7. Renaissance (2006)
This is the second film on my list to feature the rotoscoping technique, and it is also a film that many reading have never heard of. Film Noir in a digital age, Renaissance may not be a “renaissance” movement in the medium of science fiction, but it is a remarkable film. From its distinct look to the characterization of Karas (who is voiced by Daniel Craig), the film probably would have had a hundred million times more success if it were live action and in color. Still, it builds from a kidnapping story to become a film that is very much different from the norm. Which is definitely a good thing.
6. Moon (2009)
Duncan Jones’s debut feature, Moon, is more in the tradition of hard science fiction, where thoughts and emotions and ideas drive the film, instead of action or special effects. Sam Rockwell puts on an acting clinic as Sam Bell, a solitary contractor at a lunar base on the moon. He’s two weeks away from completing his three-year contract of extracting helium-3 for clean energy back on Earth. Soon hallucinations start and then he starts to see another version of himself. Translation: WTF?! Moon is a small film (only $5 million) but the subject is a “bridge between science fiction and science fact,” as Jones puts it. I wholeheartedly agree; it explores morality and what it means to exist like few science-fiction films this decade have done.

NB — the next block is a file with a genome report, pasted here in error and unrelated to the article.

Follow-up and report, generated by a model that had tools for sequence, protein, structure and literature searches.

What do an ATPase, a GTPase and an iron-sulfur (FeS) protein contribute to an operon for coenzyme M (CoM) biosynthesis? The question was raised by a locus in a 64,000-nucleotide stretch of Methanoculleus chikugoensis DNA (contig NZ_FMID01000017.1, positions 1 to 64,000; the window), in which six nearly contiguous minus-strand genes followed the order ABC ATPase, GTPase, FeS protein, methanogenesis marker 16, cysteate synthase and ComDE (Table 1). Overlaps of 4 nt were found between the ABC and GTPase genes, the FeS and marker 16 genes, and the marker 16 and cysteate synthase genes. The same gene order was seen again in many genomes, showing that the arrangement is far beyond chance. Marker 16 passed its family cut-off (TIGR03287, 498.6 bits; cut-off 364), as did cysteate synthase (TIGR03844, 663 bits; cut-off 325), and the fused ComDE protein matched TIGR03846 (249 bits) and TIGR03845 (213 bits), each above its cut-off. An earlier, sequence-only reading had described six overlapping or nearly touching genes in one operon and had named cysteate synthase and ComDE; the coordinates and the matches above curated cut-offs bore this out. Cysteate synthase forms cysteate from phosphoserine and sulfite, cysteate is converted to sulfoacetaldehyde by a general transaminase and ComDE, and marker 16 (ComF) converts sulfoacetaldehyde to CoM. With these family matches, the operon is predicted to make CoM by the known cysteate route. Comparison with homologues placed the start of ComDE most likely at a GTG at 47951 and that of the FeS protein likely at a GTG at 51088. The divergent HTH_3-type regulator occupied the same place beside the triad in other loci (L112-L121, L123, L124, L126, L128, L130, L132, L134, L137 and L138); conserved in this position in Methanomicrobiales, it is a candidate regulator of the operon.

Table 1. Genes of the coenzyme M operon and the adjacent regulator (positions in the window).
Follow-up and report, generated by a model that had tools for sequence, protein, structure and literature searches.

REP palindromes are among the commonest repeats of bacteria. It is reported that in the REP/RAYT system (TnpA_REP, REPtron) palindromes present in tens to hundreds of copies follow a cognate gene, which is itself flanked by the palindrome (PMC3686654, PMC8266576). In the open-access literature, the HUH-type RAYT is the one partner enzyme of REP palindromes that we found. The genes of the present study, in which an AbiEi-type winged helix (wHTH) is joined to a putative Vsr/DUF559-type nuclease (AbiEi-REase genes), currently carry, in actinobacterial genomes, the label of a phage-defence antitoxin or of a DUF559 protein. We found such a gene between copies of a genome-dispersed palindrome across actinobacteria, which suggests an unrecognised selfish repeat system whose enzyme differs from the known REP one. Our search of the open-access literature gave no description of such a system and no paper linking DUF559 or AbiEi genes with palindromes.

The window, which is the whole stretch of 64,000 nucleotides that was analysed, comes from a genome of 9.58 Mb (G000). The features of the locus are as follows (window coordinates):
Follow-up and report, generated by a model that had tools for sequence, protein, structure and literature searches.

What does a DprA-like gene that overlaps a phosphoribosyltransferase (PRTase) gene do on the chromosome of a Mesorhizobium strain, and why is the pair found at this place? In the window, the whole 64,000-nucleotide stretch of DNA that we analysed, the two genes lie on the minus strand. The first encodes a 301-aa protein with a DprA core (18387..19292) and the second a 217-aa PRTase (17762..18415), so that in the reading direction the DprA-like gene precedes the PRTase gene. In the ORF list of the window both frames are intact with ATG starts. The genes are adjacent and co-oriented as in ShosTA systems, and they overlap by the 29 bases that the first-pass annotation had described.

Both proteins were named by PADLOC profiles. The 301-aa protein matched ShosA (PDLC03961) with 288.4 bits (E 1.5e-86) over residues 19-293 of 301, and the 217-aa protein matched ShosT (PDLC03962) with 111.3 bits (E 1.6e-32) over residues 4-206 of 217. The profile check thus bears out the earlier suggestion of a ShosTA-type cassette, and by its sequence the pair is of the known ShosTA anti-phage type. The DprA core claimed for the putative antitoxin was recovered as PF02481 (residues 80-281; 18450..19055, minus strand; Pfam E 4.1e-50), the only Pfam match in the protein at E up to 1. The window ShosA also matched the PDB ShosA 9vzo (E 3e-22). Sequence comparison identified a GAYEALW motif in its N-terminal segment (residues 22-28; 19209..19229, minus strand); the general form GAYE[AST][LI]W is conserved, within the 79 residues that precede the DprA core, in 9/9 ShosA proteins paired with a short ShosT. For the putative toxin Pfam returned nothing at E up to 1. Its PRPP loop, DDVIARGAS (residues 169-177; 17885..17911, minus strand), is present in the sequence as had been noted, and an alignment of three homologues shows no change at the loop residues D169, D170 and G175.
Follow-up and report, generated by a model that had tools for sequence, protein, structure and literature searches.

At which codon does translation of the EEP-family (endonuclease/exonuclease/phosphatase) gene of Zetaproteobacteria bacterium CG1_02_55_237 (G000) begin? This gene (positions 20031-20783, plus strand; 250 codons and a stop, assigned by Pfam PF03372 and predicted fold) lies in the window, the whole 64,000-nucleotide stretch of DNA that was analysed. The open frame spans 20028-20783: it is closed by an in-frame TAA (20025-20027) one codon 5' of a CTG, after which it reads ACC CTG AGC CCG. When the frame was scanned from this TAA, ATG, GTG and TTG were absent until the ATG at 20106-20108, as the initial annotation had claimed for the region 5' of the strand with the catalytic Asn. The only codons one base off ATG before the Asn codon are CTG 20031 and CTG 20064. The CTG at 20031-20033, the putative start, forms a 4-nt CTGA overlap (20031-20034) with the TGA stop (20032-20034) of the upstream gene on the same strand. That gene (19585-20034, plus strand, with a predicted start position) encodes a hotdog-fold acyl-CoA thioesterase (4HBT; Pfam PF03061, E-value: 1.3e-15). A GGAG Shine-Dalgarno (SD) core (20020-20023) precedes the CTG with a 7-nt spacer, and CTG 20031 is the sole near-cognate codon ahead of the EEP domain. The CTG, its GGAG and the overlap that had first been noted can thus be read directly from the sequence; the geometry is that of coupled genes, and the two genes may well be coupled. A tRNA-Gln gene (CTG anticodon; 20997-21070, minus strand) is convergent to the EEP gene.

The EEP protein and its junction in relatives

5. Spirited Away (2002)
Up until a few years ago I had never watched a Hayao Miyazaki film. Then I saw Nausicaa of the Valley of the Wind, Porco Rosso, and The Cat Returns within days of each other. Then I saw Miyazaki’s Spirited Away, which was the second film to ever be awarded an Oscar for Best Animated Feature. I was totally blown away by the animation and the story. Beautiful and moving, here we have a coming-of-age story about a spoiled girl named Chihirio who finds courage after getting separated from her family in the “spirit world.” Very reminiscent of Lewis Caroll’s Alice in Wonderland, Spirited Away is an animated film that doesn’t pander to kids, making it easily accessible to children and adults.
4. Children of Men (2006)
If someone told you that in the future women would be infertile how would you react? In this adaptation of P.D. James’s novel, the world is dying. The inability to bear children is accompanied with terrorism, collapse in society and deforestation. And in the middle is Clive Owen trying to find safe passage for an African refugee who is (miraculously?) pregnant. She is the hope that drives our hero and the film, and because of her we see the best and worst humanity has to offer. How Alfonso Cuarón wasn’t recognized for his direction with an Oscar nomination, I’ll never know. Having helmed three literary adaptations already (A Little Princess, Great Expectations, Harry Potter and the Prisoner of Azkaban), Cuarón directs with a purpose, incorporating a number of single-shot sequences: the most impressive is one involving Owen being captured, escaping and dodging bullets as he runs into a building. The four-minute sequence may be supported by small CGI effects in some cases, but it doesn’t diminish the complexity of the scene that is staged.
3. Pan’s Labyrinth (2006)